dull

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dull

1. (of weather) not bright or clear; cloudy
2. (of colour) lacking brilliance or brightness; sombre
3. Med (of sound elicited by percussion, esp of the chest) not resonant
References in classic literature ?
Shot beyond him, I mean,' resumed Nicholas, 'in quite another respect, for, whereas he brought within the magic circle of his genius, traditions peculiarly adapted for his purpose, and turned familiar things into constellations which should enlighten the world for ages, you drag within the magic circle of your dulness, subjects not at all adapted to the purposes of the stage, and debase as he exalted.
There was a magnetism of dulness in them which would have beaten down the most facetious companion that the earth ever knew.
Stelling could obtain credit by his facility, which required little help, much more easily than by the troublesome process of overcoming Tom's dulness.
The more I lived apart from society, and in proportion as my wretchedness subsided from the violent throb of agonized passion into the dulness of habitual pain, the more frequent and vivid became such visions as that I had had of Prague--of strange cities, of sandy plains, of gigantic ruins, of midnight skies with strange bright constellations, of mountain-passes, of grassy nooks flecked with the afternoon sunshine through the boughs: I was in the midst of such scenes, and in all of them one presence seemed to weigh on me in all these mighty shapes--the presence of something unknown and pitiless.
Well, the manuscript must serve to light lamps with;--if, indeed, being so imbued with my gentle dulness, it is any longer capable of flame
But be it sweetness or be it stupidity in herquickness of friendship, or dulness of feelingthere was one person, I think, who must have felt it: Miss Fairfax herself.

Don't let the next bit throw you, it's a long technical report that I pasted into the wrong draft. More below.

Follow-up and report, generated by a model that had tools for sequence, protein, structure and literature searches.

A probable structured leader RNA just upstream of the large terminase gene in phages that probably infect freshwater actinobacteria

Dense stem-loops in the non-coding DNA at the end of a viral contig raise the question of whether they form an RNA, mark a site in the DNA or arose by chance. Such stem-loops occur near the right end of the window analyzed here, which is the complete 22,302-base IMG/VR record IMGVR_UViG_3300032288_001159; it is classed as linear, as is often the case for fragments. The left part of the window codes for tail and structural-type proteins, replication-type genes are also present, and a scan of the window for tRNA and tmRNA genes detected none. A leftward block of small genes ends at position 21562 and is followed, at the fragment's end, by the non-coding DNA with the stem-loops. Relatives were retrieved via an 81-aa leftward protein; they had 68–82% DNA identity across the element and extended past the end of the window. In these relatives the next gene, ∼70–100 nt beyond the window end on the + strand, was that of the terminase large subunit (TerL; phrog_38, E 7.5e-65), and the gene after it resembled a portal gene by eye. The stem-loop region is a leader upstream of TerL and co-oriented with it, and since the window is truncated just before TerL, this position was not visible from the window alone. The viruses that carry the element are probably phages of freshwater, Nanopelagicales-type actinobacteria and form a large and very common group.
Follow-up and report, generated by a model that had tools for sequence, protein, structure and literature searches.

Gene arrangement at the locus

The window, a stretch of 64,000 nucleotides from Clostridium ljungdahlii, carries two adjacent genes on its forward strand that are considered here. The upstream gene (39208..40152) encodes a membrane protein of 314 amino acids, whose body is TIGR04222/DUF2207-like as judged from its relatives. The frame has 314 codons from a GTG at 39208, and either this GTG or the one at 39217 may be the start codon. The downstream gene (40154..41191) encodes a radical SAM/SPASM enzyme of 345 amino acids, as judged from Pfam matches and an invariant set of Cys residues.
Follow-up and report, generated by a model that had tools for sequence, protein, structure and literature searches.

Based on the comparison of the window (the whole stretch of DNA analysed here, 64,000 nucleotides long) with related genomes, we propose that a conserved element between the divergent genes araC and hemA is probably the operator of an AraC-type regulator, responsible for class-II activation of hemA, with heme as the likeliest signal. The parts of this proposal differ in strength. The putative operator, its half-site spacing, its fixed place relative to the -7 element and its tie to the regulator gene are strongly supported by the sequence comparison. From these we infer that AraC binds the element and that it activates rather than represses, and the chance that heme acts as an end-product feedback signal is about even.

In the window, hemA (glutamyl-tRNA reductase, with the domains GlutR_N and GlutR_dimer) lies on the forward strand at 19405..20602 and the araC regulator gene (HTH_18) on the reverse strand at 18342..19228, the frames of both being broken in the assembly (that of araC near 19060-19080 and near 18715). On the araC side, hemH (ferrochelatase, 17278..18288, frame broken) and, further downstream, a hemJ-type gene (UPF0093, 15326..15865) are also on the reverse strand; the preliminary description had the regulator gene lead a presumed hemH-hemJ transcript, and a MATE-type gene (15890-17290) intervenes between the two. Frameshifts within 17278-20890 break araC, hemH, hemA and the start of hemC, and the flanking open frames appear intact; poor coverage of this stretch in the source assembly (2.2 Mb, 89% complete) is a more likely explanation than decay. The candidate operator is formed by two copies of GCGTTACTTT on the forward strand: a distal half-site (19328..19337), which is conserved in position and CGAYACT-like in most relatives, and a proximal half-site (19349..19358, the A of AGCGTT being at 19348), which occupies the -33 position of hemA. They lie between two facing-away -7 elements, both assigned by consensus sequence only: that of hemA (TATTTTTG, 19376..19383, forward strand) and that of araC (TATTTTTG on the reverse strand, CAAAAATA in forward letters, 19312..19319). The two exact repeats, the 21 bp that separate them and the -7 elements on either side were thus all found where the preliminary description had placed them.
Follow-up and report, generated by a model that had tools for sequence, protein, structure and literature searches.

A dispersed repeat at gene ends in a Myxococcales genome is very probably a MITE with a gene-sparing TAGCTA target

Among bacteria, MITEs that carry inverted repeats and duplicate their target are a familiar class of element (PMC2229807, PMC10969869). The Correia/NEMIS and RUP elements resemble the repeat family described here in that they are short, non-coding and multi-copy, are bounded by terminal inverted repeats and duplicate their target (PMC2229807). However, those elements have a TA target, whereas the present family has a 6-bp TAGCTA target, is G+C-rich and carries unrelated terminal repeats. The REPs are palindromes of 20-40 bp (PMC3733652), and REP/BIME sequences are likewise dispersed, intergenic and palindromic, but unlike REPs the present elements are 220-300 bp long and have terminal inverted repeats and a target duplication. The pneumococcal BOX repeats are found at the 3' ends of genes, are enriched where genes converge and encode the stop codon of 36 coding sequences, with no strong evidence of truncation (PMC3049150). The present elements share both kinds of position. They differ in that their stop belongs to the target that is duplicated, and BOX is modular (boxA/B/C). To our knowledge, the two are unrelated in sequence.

Reginald Farrer wrote in 1917: "In water-logged trench, in cold cave of the mountains, in sickness and in health, in dulness, tribulation and fatigue, an ever-increasing crowd of worshippers flies insatiably for comfort and company perennially re-freshing, to Hartfield and Randalls, Longbourn, Northanger, Sotherton and Uppercross" (Southam 2:246).
Sutton's essay in the March 1922 issue refers to "the dulness [sic] and lack of variety in our car colours" ("How to Select" 84), and his essay for April is titled "When Will Motor Car Styles Change?
The progress of Dulness from Smithfield to the Court images the decline of culture and the final extinction of all values.
The student should thoroughly understand that the ring or dulness of sound is in effect and mechanism, completely distinct from the open and closed timbres.
In this part, Ma tries to reveal the ethical implications of Pope's mockery of Muse and his depiction of Dulness.
Rarely use venery but for health or offspring, never to dulness, weakness, or the injury of your own or another's peace or reputation.